||Schofield Hall 218|
||Eau Claire, WI 54702-4004|
Geography Faculty Member Earns
$1.675-Million Research Grant
MAILED: Feb. 11, 2000|
Dr. Garry Running, assistant professor of geography at the University of Wisconsin-Eau Claire, is one of seven investigators who has been awarded a $1.675-million ($2.5 million Canadian) grant to continue research in Canada. The project, titled "Changing Opportunities and Challenges: Local-Scale Human-Environment Interaction in the Canadian Prairies Ecozone," will be funded by the Social Sciences and Humanities Research Council of Canada Major Collaborative Research Initiatives Program.
The grant will provide $335,000 each of the next five years for Running and four UW-Eau Claire students to join the six other Canadian investigators and their teams. They will study localities in the Canadian Prairie Ecozone that exhibit exceptional physiographic and ecological diversity. Work will be conducted in the provinces of Alberta, Saskatchewan and Manitoba and will focus on dune-dominated landscapes, floodplains of glacial meltwater valleys and bedrock-controlled glacial uplands.
Running notes that unlike typical grants awarded in the United States, indirect costs such as faculty stipends, taxes and other administrative expenses are negotiated after the grant is awarded, so the full $1.675 million will be available to the research team.
"We put together a strong proposal that showed a strong commitment to both First Nations participation and interdisciplinary research," Running said. "We are pleasantly surprised actually because the review committee included nobody with expertise in anything close to archaeology, geography or even ethnohistory."
Running has worked with several UW-Eau Claire students in southwest Manitoba the last two summers. Past research has been directed toward reconstructing the last several thousand years of landscape evolution and environmental change in the dune-dominated Oak Lake Sand Hills, one of the areas to be studied in detail over the next five years.
Work done in the past two years was a pilot project for the geoarchaeological portion of the research to be conducted over the next five years. Differential tuition paid the research costs for the previous two years.
"We would not have received this grant without the pilot project and without the financial support made possible by UW-Eau Claire differential funds," Running said. "Everybody on this grant thanks UW-Eau Claire students for funding faculty/student collaborative research through differential tuition."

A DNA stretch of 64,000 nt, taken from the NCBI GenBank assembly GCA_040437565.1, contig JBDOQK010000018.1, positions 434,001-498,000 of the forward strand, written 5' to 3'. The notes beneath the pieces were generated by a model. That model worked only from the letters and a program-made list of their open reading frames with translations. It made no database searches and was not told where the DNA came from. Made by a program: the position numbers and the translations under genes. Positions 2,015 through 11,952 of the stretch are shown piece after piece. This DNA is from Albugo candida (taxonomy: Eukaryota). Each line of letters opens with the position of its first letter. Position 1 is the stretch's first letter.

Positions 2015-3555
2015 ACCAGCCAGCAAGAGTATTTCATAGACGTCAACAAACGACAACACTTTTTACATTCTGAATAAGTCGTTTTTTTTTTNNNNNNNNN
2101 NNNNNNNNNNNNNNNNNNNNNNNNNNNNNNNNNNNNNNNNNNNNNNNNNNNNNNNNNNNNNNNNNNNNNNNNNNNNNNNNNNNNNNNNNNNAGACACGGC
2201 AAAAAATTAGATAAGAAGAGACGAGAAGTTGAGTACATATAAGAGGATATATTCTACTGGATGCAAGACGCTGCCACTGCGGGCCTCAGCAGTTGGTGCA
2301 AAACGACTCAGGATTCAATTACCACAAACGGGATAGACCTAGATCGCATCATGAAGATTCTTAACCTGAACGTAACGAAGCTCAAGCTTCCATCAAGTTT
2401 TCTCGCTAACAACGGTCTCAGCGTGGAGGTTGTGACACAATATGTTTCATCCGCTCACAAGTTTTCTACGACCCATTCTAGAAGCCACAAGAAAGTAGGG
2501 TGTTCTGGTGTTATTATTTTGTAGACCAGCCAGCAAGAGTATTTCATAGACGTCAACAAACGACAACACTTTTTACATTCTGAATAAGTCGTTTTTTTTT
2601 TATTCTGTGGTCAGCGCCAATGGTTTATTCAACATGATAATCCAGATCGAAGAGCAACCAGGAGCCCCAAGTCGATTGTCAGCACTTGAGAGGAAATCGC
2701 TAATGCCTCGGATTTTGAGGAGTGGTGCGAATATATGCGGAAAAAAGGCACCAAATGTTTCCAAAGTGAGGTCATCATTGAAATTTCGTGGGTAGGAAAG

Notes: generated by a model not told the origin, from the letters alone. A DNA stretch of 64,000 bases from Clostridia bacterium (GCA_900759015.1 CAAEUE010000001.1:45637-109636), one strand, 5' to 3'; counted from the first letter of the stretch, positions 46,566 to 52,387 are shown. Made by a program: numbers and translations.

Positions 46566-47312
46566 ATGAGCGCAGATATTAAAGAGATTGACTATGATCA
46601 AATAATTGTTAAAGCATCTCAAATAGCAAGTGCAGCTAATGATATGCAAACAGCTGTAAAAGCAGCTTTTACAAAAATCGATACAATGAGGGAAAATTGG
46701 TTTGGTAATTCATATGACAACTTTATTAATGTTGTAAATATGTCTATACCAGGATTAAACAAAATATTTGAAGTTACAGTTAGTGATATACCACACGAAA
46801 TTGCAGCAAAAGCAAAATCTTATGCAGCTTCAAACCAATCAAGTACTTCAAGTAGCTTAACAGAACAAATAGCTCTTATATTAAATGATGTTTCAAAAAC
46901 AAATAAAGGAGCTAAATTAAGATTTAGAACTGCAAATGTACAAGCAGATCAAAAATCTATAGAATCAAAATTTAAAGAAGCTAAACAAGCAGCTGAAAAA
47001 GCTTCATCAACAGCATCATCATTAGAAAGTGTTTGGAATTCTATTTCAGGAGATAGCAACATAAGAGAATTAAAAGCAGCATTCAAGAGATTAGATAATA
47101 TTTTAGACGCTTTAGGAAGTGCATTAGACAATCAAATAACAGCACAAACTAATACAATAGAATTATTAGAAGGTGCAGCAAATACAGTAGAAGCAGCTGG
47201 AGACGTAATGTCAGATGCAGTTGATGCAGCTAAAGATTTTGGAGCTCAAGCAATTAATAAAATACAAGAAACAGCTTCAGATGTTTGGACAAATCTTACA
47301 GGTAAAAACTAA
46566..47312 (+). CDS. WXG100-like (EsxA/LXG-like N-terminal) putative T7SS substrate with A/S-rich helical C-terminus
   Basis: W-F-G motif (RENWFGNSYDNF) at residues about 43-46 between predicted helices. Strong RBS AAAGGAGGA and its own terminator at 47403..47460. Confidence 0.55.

This project expands on work previously conducted in southeast Manitoba to include four locations in three provinces. Research will concentrate on five "time slices": 500, 1500, 3000, 6000 and 9000 years ago. The research team will try to understand human-environment interactions in these places over time. To do this, the team will have to understand the cultural and physical landscapes of the areas as they changed through time.
Running and the UW-Eau Claire students will be a big part of the geoarchaeological component of the research that includes paleocologists, sedimentologists, geographic information systems and cartography specialists, as well as geomorphologists and soils people.
"Students who work with me over the next five years will have the same or better opportunities to study real work world research problems (than in past years)," Running said.
Students will work with Running and the other faculty, graduate and undergraduate students in support of the main project objectives, as well as select their own piece of the project to work on individually. The students involved will plan their involvement in the study, gather the data in the field and write the results, Running said.
Running said he can see this project expanding over the next five years to include people from other areas of science, such as plant biologists and sedimentologists.
"I'm projecting that in the future, this will be something we can build on, not only the geography department, but the university as a whole," Running said.
The grant money will support all aspects of the field work and will include the purchase of a new Geoprobe drill rig, two global positioning systems, travel around study sites and a host of laboratory analyses that will be used to reconstruct paleoenvironmental conditions through time.
Running said he anticipates UW-Eau Claire participation in this project will open doors and provide geography faculty more opportunities to acquire additional equipment for UW-Eau Claire students to use in research projects.
"I think our students deserve the opportunity to learn using state-of-the-art field equipment, and I think our participation in the project will show we are worthy of the investment that kind of equipment entails," Running said.
Janice B. Wisner
UW-Eau Claire News Bureau
Updated: Feb. 11, 2000